Five Things You Need to Know: Countrywide Empties Out on Widowmaker; Housing Starts Point to Increasing Reliability of Collapse; Everybody Out of the Poole!; Is Our Money Safe?; Who Let the Lepers Out?

By Kevin Depew  AUG 16, 2007 11:59 AM

What you need to know (and what it means)!


Minyanville's daily Five Things You Need to Know to stay ahead of the pack on Wall Street:

1.  Countrywide Empties Out on Widowmaker

The news trickling out on Countrywide Financial (CFC) is a big deal.  Remember, this is the biggest mortgage lender in the country.   

2.  Housing Starts Point to Increasing Reliability of Collapse

Speaking of housing... Housing starts decreased by 6.1% in July, and June starts were revised lower to 2.1% from the previously reported 2.3%, the Commerce Department said.

3.  Everybody Out of the Poole!

Meanwhile, back in the fake world, St. Louis Federal Reserve president Bill Poole said the subprime mortgage rout doesn't threaten U.S. economic growth, and only a "calamity'' would justify an interest-rate cut now, according to Bloomberg.

4.  Is Our Money Safe?

The questions about the "safety" of our money continue to pour in:

Dear Minyanville -

I wanted to ask a quick question.  My 401k only offers a stable money market fund that "cuts corners" to get added return.  I have no other "safe" options other than some bond funds to place my money for the downturn I suspect is on its way.  What do you think I should do?  It is not like they offer a plain cash account.  I feel like many folks will be in the same boat I am in and even though they think they are safe they can end up getting hurt. 

Thanks, Minyan C

Dear MC -

If you trust the company that houses your 401k, if its a legitimate investment firm that has a long history of successfully weathering market downturns and holding onto client assets as most 401k firms are and do, then you will probably be fine. 

Only people who NEED liquidity on a daily basis - and a 401k by definition does not NEED liquidity - should worry about whether their money market fund is "safe" from Asset-Backed Commercial Paper, which is where the major problems are beginning to show up.   

Most companies would rather take a loss than let their money markets fall below $1.  The reason why this money market fund issue is an issue at all is because many companies and institutions that require cash flow need to be able to access that cash at will, or they are suddenly finding that risk aversion in the commercial paper market is making it far more expensive than they anticipated to manage their short-term cash positions.  And most money market funds do have some exposure to commercial paper.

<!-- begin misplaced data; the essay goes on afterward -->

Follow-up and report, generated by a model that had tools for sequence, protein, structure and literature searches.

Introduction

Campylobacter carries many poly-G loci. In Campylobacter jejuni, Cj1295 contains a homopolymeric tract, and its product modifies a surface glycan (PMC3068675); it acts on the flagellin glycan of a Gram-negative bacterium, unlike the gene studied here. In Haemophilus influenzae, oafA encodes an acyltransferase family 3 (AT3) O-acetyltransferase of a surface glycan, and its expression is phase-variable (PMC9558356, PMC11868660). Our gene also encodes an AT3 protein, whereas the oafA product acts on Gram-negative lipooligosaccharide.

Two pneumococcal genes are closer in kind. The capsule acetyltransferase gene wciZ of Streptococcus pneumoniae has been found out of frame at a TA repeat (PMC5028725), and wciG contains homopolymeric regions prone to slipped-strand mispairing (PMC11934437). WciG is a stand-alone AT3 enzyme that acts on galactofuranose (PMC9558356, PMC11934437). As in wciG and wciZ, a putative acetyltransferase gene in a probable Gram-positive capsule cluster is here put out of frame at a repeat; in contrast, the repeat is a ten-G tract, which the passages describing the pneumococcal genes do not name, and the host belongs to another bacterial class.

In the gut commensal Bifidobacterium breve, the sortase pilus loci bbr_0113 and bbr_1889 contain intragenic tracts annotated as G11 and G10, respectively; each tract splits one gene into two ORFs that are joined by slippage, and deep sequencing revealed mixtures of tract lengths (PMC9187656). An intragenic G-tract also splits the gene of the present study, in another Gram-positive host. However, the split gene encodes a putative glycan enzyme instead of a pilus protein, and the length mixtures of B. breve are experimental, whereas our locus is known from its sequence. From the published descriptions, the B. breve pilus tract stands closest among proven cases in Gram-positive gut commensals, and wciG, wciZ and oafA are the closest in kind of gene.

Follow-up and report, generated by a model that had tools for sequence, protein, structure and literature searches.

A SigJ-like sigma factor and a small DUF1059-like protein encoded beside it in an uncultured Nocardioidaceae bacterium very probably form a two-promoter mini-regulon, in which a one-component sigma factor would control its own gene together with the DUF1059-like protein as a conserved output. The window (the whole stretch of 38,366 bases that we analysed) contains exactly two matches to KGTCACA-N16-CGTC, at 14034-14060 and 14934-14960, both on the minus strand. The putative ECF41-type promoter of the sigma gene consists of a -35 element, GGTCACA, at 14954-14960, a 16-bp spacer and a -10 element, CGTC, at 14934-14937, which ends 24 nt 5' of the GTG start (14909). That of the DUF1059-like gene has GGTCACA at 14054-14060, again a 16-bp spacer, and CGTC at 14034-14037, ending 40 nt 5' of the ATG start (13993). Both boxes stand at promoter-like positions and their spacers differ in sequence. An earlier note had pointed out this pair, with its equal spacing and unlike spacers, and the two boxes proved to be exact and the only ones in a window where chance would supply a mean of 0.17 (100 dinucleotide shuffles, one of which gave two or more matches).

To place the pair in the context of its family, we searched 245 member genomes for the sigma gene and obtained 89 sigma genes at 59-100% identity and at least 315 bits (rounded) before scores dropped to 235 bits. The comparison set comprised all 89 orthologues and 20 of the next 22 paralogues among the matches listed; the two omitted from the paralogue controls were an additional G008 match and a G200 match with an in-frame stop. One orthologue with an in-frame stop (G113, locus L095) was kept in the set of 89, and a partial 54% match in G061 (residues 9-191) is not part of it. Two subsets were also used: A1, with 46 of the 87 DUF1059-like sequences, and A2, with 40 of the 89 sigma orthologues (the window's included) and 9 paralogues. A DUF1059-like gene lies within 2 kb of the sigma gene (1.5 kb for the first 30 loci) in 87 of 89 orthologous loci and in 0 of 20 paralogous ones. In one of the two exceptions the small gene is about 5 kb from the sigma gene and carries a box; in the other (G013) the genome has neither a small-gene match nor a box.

Two years ago I wrote a piece called Savings versus Investment that may be worth revisiting:

"Today this may seem like a petty game of semantics – “savings,” versus “investment.” But I assure you the difference between the two will not be a petty game of semantics when, and I believe it is a matter of when, not if, the day comes that investment risk finally shows itself, and those who have been fooled (some would even go so far as to say forced) into treating their savings as investments pay the price."

There are many reasons Americans are now conditioned to view common stock ownership and 401ks and IRAs as "savings," and none of them are good.  They range from Fed policy that systematically punishes savings, to the elimination of defined benefit plans to easy credit terms and predatory lending. 

The end result has been the Death of Savings in this country.  In its stead, a complacent view has developed where cash has been supplanted by credit and the ability access credit has somehow come to be equated with "savings." 

Money in a 401k is investment money.  Even money in a money market fund is, by definition, investment money.  If the goal in your 401k is to avoid all losses, and it sounds like from your question it may be, then that money should by definition not be in a 401k.  If the goal is to minimize losses, then you are in the safest investment vehicle available through your 401k.  Just remember, savings is money you cannot afford to do without.  Investments, even low-risk investments such as money market funds, are by definition money you are willing to risk losing - even if that risk of loss is very, very low.  Risk is a two-way street.

5.  Who Let the Lepers Out?

Speaking of credit as a substitute for savings, Minyan RatpackMike (not his real name!) forwarded us an interview in today's Washington Post with James Scurlock, director of the documentary Maxed Out, which takes an in-depth look at America's debt and credit obsession.  Although released months ago, the plot is all too familiar. 





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